Monday, 30th October 2017

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Lonely days of Tata zoo lady ostrich to end

Male friend to come from Ranchi

By Jayesh Thaker in Jamshedpur
  • Published 26.01.20, 12:11 AM
  • Updated 26.01.20, 12:11 AM
  • a min read
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The ostrich at Tata Steel Zoological Park in Bistupur, Jamshedpur, on Saturday. Picture by Bhola Prasad

The lone female ostrich at Tata Steel Zoological Park may no longer be lonely.

The 18-year-old ostrich who is living alone in captivity for over a decade now can hope for a dapper male friend from a nearby city.

Bhagwan Birsa Biological Park in Ranchi has told Tata zoo authorities that they would provide a male ostrich on animal-exchange basis.

Tata zoo director Bipul Chakravarty said talks with the Ranchi zoo were on positive lines and they were optimistic of getting a male ostrich. “Talks with Ranchi zoo have been positive. We will exchange mandrills in return for the male ostrich,” he said.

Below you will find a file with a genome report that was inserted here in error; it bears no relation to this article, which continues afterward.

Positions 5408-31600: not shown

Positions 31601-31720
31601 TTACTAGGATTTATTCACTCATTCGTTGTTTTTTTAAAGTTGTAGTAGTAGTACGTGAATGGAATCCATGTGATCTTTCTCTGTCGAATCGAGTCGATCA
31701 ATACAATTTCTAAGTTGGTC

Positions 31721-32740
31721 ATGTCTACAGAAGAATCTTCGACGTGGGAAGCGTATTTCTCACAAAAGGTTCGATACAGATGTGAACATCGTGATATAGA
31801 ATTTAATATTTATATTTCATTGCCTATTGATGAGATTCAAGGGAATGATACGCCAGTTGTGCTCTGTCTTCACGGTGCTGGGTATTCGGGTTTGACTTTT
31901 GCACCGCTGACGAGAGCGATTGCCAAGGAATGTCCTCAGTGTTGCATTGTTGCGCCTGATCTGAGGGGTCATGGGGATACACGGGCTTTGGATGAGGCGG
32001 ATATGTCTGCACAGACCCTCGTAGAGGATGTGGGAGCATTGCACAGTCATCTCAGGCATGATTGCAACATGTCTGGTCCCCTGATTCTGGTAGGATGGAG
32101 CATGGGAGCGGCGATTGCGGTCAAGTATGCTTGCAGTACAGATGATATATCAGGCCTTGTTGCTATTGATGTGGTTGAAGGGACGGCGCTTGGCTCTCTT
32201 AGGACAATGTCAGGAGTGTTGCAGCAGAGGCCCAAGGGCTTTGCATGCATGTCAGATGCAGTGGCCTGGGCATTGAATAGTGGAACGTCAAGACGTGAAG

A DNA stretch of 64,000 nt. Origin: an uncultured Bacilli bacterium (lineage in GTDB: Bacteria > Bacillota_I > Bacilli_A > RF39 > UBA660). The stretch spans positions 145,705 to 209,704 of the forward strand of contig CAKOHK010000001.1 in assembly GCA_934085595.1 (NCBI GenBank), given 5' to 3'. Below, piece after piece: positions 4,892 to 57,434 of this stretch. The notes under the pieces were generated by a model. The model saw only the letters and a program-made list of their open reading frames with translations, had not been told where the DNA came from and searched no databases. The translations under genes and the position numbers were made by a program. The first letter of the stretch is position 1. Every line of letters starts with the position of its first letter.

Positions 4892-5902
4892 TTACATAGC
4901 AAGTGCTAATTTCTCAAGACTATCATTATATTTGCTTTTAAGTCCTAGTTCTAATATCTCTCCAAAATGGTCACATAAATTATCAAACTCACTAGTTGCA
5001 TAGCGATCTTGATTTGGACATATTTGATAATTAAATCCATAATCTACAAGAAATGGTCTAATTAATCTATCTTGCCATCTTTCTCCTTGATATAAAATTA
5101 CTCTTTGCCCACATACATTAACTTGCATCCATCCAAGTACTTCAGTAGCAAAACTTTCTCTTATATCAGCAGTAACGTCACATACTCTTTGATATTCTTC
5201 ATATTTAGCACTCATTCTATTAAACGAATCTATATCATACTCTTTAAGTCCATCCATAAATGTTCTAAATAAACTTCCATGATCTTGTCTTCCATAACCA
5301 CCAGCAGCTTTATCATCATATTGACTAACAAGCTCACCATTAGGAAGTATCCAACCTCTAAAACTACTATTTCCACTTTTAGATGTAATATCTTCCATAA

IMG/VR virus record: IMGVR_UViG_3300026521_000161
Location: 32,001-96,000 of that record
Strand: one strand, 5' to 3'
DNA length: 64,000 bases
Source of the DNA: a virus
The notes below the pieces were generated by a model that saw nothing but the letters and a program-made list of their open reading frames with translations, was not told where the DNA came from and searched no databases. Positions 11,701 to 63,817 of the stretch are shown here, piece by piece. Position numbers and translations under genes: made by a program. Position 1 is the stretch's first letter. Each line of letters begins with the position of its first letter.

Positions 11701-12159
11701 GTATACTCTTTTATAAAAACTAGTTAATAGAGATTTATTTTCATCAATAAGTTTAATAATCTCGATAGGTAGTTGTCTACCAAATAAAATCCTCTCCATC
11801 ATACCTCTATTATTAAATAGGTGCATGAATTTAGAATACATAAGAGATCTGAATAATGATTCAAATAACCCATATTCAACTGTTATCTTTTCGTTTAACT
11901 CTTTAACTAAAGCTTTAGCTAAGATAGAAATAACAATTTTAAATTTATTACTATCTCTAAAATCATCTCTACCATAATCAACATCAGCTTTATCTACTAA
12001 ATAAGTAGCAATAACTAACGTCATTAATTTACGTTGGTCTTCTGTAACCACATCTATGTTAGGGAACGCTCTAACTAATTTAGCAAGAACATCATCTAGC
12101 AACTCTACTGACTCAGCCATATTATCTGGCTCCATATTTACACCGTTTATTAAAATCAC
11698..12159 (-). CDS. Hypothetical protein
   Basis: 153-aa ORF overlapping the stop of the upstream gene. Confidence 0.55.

The zoo has 25 male and female mandrills at its disposal.

Though pairing of animals in captivity is mandatory according to the Central Zoo Authority (CZA) guidelines, Tata Steel’s search for a male ostrich was proving futile all these years.

The authorities had contacted several zoos across the country but things made no progress till Ranchi zoo chipped in with the much-needed help.

The female ostrich, which was procured from a breeding centre in Chennai in 2009, stays at the enclosure with two emus. But she remains aloof from the emus and spends time in solitude. The ostrich is very shy and looks far from cheerful. Ostriches live up to around 75 years of age.

The Tata zoo one is still in her breeding age.

Apart from the ostrich, the zoo’s efforts to find a partner for the lone male hippopotamus has made no progress.

He will probably spend the rest of his life in solitude as Tata zoo has shelved plans to find a partner for the over-25-year-old hippo who was procured from National Biological Park, Delhi, in 1997.

Chakravarty said the hippo had spent a long time at the zoo and might not accept a partner now. “Compatibility aspects do come into play after so many years,” he said.

A male capuchin monkey met a lonely end last year at Tata zoo. Efforts to find him a partner had come a cropper.